There is a moment in Nathalie Sarraute's Do You Hear Them? (1972) when the father returns to a phrase that he ended, earlier, with an ellipsis, and provides the information that the ellipsis concealed. The story that he tells is interesting to himself but it is not an unspeakable secret; his coy and shy withholding is at least a little pathetic, and it a sign of the anxiety that eventually instructs the other characters to despise him. Here it occurs to me that the mood of sickened dread that I fall into whenever I read Sarraute is close to the feeling I have when I find a true crime website and run through the stories of murders. Consider murder as an activity by which people are made absent. When Louis Marlow, in his memoir of the Powys brothers (Welsh Ambassadors (1936)), decides to explain his friend John Cowper's reasons for eliminating his mother from his autobiography he interprets it as part of the other man's masochism, an aspect of the same self-abasement that made Powys enjoy bad striptease theatre. I was horrified when Marlow introduced the erased mother into the memoir as if she had been a normal person -- it seemed indecent and shameful; he should be ashamed, ashamed, to reveal her shockingly with these ordinary words -- "Mrs. Powys was friendly to me, well disposed; even, in her reserved way, affectionate: chiefly, I thought, because she saw me as shy and subdued."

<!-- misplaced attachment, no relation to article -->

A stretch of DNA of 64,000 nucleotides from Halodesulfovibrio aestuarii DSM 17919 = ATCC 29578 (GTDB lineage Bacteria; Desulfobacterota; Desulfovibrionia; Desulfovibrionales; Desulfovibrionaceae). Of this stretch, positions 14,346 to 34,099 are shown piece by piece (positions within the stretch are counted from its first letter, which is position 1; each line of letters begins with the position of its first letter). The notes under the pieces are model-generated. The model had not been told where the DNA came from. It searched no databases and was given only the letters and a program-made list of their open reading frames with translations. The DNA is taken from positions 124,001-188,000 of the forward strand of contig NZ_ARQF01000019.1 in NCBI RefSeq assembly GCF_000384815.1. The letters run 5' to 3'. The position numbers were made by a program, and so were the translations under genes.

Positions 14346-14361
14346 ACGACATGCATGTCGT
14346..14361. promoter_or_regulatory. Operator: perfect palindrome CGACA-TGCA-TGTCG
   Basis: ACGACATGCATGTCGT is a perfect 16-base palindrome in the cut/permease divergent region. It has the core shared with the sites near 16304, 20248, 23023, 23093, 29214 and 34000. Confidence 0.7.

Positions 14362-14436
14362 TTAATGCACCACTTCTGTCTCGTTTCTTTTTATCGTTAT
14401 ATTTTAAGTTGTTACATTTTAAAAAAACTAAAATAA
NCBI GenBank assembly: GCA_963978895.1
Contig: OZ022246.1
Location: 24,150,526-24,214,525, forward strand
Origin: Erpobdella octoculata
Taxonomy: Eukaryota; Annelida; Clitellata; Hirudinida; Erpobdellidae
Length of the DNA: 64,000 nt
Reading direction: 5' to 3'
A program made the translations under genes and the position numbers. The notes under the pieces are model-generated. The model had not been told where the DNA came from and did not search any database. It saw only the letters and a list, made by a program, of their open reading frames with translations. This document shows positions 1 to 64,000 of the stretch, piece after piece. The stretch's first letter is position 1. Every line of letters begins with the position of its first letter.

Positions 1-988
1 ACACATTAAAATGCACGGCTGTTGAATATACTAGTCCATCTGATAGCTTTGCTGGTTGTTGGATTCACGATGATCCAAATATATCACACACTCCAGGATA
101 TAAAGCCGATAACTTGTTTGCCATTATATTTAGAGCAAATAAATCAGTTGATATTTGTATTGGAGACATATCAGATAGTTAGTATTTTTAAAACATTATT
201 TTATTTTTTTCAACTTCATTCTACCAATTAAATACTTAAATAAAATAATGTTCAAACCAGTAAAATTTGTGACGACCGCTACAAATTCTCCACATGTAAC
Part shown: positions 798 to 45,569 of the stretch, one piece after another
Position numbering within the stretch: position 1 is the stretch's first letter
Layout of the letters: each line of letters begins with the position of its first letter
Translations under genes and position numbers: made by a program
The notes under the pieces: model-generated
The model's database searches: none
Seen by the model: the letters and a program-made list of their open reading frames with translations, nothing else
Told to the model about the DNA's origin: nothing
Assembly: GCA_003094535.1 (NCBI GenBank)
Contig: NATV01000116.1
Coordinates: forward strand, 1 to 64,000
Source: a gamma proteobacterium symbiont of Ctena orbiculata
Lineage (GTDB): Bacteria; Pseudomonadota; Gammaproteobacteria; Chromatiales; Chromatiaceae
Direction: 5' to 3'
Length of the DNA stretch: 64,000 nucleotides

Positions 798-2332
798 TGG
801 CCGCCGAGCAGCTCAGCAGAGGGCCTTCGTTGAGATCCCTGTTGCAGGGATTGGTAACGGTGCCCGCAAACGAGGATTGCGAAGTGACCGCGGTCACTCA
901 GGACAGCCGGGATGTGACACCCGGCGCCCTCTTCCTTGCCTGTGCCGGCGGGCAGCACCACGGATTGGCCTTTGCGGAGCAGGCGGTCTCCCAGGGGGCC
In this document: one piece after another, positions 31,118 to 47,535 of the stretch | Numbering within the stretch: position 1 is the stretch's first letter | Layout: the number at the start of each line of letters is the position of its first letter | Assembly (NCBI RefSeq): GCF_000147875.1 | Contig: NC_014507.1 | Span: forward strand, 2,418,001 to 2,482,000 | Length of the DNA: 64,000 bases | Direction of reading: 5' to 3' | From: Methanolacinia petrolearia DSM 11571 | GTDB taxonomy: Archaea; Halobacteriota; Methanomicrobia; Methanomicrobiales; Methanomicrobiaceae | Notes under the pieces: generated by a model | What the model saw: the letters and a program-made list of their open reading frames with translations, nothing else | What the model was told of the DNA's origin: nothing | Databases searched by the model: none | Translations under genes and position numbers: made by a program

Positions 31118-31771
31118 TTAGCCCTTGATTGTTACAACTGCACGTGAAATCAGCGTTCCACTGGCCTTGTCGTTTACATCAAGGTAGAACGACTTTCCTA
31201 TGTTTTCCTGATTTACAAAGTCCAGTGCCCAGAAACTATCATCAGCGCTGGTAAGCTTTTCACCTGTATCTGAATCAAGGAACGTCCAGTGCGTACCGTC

Mrs. Powys hated success. She hated, with secret intensity, well-constituted people, or even people whose health was too good. When Llewelyn developed consumption and was determined not to die of it, she was far from friendly to his insistent will. She did not like his going to Switzerland, she did not like him having so many windows open. "These young men," she said, "seem to want to live forever."
I reflect that the unspoken gaps in Henry James' fiction seem playful by comparison, lighthearted, clever, even in Turn of the Screw, which, if Sarraute is like true crime, is like a fairytale instead, the characters standing phenomenally like symbols or metaphors inside one of the enclosures that James liked to establish: witness his palazzi, his country houses, the rooms that close in around Isabel Archer, the home that frames Miss Tita when she is transfigured, her beatitude the hidden thing to be witnessed in that story, the true core or whatever, accessible through sacrifice and ritual. "When I look at it my chagrin at the loss of the letters becomes almost intolerable."